Health emergencies, science contrarianism and populism: A scoping review.

Publication date: Apr 01, 2024

Populism has emerged as a central explanation employed by both media outlets and scholars for the mishandling of the COVID-19 crisis. Nonetheless, the relationship between public health and populism extends before and beyond the pandemic. This paper offers a comprehensive overview of existing evidence and theoretical conceptualisations on the intersection of populism, health emergencies, and contrarian scientific positions, drawing from a diverse range of disciplines. I conducted a scoping review of 283 original studies, analysing their analytical framework, geographic focuses, and methodological approaches. Employing quantitative text analysis, I summarised the research field into 18 common topics, organised into five coherent categories: citizen’s perspective, political elites, political communication, pandemic consequences, and non-COVID-related issues. While the scholarly interest in this area has surged since the onset of the pandemic, it has predominantly concentrated on specific cases, such as Brazil and the US, often conflating different policy types. The evidence summary elucidates that populism assumes varying roles within distinct contexts, and there is no linear relationship between political populism and specific approaches to health crises and science. I further compare definitions of populism within the context of health and scientific positions. I propose that future research should employ a policy typology for health emergency responses, assessing political positions based on policy arenas. This paper contributes to the understanding of the complex interplay between political populism, contrarian scientific perspectives, and public health.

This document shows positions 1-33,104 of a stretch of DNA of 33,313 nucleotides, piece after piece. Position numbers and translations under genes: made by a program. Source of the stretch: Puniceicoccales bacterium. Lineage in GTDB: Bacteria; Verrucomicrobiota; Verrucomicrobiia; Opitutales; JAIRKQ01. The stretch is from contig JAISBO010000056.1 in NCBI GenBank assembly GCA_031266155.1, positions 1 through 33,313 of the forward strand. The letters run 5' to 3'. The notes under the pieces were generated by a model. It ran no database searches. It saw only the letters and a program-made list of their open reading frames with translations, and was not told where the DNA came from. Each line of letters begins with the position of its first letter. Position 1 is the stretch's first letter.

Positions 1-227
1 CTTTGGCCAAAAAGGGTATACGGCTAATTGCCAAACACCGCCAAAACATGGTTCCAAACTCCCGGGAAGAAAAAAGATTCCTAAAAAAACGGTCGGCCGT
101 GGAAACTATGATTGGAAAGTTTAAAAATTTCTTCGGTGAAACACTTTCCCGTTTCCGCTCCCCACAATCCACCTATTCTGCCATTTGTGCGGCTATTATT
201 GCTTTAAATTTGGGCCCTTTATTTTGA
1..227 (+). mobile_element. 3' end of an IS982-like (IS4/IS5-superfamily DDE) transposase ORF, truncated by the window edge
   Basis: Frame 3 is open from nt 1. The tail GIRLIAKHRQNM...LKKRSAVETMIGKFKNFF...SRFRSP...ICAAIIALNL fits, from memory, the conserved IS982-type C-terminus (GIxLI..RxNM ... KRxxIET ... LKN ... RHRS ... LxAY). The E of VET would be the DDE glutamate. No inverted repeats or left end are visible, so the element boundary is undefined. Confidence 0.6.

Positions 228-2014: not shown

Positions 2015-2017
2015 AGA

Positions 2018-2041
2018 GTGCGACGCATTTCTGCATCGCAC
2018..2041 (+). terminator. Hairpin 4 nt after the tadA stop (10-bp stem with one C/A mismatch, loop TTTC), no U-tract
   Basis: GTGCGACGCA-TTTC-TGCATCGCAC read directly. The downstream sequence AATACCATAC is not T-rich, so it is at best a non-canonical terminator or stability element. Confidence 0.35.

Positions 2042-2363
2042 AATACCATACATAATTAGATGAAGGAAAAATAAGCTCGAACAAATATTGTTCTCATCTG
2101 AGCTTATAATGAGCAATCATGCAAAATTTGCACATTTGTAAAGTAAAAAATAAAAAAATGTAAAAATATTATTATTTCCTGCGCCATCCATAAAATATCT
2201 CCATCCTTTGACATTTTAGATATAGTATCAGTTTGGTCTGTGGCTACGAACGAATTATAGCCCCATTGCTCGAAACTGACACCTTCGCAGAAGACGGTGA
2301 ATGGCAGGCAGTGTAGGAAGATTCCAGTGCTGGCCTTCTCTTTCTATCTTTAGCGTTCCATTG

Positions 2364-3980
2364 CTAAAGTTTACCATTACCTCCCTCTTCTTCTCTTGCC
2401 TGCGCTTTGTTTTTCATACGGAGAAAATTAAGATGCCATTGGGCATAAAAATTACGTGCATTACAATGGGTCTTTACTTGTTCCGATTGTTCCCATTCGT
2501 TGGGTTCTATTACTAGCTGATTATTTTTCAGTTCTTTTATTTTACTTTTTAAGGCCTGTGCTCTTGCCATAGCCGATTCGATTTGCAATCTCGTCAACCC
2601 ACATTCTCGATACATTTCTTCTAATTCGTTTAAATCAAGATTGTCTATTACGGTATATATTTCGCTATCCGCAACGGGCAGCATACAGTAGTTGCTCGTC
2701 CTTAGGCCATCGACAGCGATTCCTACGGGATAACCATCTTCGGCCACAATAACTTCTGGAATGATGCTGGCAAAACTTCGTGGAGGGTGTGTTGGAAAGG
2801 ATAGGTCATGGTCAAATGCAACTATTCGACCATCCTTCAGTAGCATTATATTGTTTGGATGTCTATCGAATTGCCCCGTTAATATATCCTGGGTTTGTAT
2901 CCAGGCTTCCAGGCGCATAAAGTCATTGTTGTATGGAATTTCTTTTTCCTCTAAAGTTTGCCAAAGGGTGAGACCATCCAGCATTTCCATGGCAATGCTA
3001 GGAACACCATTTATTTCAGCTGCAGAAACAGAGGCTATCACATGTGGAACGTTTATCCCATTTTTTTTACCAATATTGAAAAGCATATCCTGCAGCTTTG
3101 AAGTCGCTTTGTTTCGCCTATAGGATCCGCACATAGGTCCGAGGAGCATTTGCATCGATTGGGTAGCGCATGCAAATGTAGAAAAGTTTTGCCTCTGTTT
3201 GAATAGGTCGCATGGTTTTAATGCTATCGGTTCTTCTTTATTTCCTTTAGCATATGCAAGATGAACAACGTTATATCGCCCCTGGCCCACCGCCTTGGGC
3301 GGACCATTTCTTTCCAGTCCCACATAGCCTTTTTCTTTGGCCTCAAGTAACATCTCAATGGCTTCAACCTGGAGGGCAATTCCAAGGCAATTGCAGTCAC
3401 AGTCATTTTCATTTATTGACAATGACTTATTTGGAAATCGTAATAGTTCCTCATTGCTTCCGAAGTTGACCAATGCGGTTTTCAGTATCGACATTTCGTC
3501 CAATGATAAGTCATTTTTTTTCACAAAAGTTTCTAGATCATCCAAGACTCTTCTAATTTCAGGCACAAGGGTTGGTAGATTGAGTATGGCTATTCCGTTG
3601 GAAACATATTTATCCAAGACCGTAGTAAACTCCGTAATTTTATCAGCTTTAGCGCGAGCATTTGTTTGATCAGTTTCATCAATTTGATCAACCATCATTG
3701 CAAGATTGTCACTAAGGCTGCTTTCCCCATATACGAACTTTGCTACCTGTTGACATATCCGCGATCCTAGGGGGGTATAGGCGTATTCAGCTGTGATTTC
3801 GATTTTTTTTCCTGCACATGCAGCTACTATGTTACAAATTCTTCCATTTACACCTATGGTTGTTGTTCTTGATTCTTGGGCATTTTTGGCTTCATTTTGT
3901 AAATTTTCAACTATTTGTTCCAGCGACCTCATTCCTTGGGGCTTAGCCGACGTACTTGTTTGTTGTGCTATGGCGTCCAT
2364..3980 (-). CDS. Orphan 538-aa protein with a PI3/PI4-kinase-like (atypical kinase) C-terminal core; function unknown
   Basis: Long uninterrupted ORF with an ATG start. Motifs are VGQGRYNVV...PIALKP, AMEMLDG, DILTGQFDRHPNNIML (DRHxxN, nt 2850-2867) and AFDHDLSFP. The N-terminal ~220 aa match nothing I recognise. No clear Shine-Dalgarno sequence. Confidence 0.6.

Concepts Keywords
Brazil COVID-19
Future Health crisis
Mishandling Populism
Political Public health
Scholarly Science contrarianism
Scoping review
Text as data

Semantics

Type Source Name
disease MESH emergencies
disease MESH COVID-19

Original Article

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